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Vol. 81 - No. 1
Jan 2010

WORD FROM THE PASTOR:             

More "Ask the Pastor"

It’s been a while since I fielded any "Ask the Pastor" questions, so I thought I would start the New Year by addressing a few. First question: How different would life be if Christ had not been crucified? Since the cross is at the very center of my own personal life of faith, let me tell you how my life would be different if Christ had not been crucified. First of all, I think I would be a much more selfish person–because I find that the one thing that motivates me to unselfishness is thinking about Christ offering Himself on the cross. I also think I would have a very difficult time enduring pain–because whenever I have to go through a painful or difficult experience, I always think about Jesus on the holy cross, and it gets me through. The question of suffering in the world would, I think, oppress me greatly–because the only way I can deal with the question of suffering is by going to the cross. "It’s a painful world," I often tell myself, "but God Himself has been touched by the pain. God Himself has been touched by human suffering." Without the assurance that God has experienced our human pain, I don’t know if my faith could endure in this anguished world. Above all, I would have no assurance that my sins are forgiven. And I also would lose the greatest expression of God’s love for me: "The love of God is shown to us in this, that while we were yet sinners, Christ died for us" (Romans 5:8)... "the Son of God who loved me and gave Himself up for me" (Galatians 2:20). If you removed the cross, there wouldn’t be much left to Christianity. Paul declared, "I resolved to know nothing among you but Jesus Christ, and Him crucified." (I Corinthians 2:2) The cross is at the very heart of our faith. So praise God that Jesus loves us so much that He was willing to endure the cross for us!

Another question: In naming the persons of the Trinity, why does the Father always come first? This gets a little technical, but the Father is the source of the other two persons of the Trinity. The Son is begotten of the Father; the Holy Spirit proceeds from the Father and the Son. So the Son and the Spirit depend upon the Father for their existence. The Father depends upon no one–He is unbegotten, He has no source apart from Himself. This is why the Father is always listed first. (This doesn’t mean, however, that the Father existed before the Son and the Spirit. There is no before with God–He exists in eternity, apart from time. So there is never even a split second where there is only Father and no Son. How can one thing be the source of another without existing before it? St. Augustine suggests that, to understand this, we light a match. The light comes from the fire–but there is never a moment where there is only fire and no light. Similarly, the Son comes from the Father–but there is never a moment where there is only Father and no Son).

A third question: In the Apostles Creed, it says that Jesus descended into hell. Why did he have to go to hell when he wasn’t bad and why don’t we go to hell for three days too? This is a very interesting topic, and it has been approached many ways in the history of the church. Some Christians have suggested that Christ’s descent into hell is simply a metaphor for his death. Others suggest He went into hell to suffer the full punishment for our sin. (Actually, though, when He cried out on the cross "My God, my God, why have you forsaken me?", He already experienced the bitterness of hell–being abandoned by God. And when He cries out, "It is finished", that implies that He had paid the full price of our sin. So no further suffering beyond the cross is necessary). One ancient view is that the people of the Old Testament weren’t able to enter heaven until Jesus died on the cross–so He descended into hell to liberate them and send them to heaven.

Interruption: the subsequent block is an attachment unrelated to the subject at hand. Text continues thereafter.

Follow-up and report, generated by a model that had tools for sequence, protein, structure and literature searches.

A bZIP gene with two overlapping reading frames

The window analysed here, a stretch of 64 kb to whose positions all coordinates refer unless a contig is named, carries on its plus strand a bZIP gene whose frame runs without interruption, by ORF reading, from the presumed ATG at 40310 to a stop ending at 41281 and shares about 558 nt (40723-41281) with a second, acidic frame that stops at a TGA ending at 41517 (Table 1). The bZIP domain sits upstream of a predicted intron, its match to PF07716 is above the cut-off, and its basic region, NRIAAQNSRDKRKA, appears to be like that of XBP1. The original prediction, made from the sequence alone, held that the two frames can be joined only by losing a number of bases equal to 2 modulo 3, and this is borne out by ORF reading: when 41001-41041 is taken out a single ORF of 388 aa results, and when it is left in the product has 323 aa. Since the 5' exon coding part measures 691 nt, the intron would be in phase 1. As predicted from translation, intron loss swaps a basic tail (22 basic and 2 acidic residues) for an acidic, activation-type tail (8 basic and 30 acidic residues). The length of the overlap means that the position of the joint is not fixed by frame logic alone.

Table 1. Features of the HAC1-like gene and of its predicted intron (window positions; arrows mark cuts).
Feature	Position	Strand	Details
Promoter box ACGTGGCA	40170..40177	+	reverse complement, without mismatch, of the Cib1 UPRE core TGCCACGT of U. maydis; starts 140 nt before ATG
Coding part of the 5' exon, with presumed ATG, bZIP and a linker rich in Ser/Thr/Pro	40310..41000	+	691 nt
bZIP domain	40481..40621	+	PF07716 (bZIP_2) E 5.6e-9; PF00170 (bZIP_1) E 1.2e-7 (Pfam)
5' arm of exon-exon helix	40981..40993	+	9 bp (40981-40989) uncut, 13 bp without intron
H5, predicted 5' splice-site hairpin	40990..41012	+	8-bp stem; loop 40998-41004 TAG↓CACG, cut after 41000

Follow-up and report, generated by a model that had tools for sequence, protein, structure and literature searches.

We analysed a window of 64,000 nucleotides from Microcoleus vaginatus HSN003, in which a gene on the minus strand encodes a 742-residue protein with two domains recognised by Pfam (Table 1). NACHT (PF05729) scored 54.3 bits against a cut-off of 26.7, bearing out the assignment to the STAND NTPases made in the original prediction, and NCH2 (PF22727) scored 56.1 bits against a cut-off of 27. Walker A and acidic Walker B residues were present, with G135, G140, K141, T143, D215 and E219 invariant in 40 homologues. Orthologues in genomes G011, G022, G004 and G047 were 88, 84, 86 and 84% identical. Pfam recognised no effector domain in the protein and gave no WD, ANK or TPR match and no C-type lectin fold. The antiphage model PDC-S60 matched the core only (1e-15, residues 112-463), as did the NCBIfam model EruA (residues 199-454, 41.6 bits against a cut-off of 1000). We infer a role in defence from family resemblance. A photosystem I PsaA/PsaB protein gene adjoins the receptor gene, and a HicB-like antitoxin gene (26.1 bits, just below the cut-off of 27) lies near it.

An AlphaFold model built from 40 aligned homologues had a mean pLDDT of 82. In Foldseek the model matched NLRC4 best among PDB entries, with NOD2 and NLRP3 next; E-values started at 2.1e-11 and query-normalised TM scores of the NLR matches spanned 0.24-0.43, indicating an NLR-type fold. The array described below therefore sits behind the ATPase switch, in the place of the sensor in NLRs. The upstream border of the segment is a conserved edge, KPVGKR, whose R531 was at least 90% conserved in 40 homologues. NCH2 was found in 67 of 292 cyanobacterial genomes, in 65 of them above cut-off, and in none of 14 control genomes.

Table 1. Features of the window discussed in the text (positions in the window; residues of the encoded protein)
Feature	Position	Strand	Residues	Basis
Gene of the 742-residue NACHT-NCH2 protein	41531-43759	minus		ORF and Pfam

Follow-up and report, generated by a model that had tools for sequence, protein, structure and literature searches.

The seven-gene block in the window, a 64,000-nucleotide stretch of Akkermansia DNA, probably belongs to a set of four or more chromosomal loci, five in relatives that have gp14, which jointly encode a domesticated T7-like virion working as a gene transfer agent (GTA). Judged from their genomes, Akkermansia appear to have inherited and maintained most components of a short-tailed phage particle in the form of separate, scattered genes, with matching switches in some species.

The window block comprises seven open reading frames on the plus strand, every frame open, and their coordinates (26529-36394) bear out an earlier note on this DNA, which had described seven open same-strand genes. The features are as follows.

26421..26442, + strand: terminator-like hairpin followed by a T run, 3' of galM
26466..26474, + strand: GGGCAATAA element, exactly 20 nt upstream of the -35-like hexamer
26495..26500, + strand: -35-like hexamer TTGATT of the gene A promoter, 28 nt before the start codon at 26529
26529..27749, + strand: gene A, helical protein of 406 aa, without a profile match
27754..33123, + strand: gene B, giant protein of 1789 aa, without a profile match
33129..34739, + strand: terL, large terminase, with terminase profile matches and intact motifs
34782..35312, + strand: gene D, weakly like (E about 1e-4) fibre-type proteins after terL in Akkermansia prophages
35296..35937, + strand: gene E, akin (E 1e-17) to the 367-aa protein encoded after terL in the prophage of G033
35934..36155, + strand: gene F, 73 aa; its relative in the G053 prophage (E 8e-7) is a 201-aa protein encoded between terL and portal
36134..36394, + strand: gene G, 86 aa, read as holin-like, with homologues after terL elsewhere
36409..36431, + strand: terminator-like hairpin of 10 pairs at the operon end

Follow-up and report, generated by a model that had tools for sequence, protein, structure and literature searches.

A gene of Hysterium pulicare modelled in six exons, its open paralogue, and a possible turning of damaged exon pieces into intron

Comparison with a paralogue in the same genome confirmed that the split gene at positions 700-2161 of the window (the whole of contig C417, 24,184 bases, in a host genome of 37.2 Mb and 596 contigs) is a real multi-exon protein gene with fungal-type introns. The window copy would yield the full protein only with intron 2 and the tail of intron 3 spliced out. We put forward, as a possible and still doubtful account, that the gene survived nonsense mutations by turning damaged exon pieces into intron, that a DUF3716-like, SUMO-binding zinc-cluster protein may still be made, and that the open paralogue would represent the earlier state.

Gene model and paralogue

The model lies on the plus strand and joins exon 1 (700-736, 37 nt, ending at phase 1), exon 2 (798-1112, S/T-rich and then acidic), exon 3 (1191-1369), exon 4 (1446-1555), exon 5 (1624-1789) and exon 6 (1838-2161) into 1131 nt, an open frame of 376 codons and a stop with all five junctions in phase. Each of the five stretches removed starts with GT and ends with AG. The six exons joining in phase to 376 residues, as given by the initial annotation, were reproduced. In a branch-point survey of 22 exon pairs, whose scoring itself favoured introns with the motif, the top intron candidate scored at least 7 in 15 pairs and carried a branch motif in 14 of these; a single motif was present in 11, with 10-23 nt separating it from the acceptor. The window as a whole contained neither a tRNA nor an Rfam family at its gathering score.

The Lutheran view is that Christ’s descent into hell is an act of triumph–He displays His victory over the Devil by entering the Devil’s very headquarters to proclaim victory. "He disarmed the principalities and powers and made a public display of them, triumphing over them in the cross." (Colossians 2:15). The descent into hell doesn’t involve suffering at all–it is an expression of Christ’s victory. Sin, death and the Devil are defeated, and Christ went into their very lair to trumpet forth His victory.

Final question: During Pentecost, there is a sequential series of readings from Hebrews. Are these readings and this time of year bound to one another? If so, why? Sequential readings from the epistles are used during the Pentecost season (and the Epiphany season) to give us a broader exposure to the Scriptures. Since these seasons don’t have the kind of focused themes that Advent, Christmas, Lent and Easter have, they are good opportunities for us to hear large sections from the epistles read in order. I note that in the upcoming Epiphany season this year, there is a sequential reading from I Corinthians chapters 12 through 15. During this year’s Pentecost season we will have series of reading from Galatians and I Timothy. Again, the concern is not so much to express a specific seasonal theme as to give us a chance to hear sections of Scripture read in order over several weeks.

So there’s a few "Ask the Pastor" responses for this month. Let me also take this occasion to wish you a very blessed New Year. Whatever 2010 brings, I know that the Lord will be with us every day, every hour, every minute!

God loves you and so do I!

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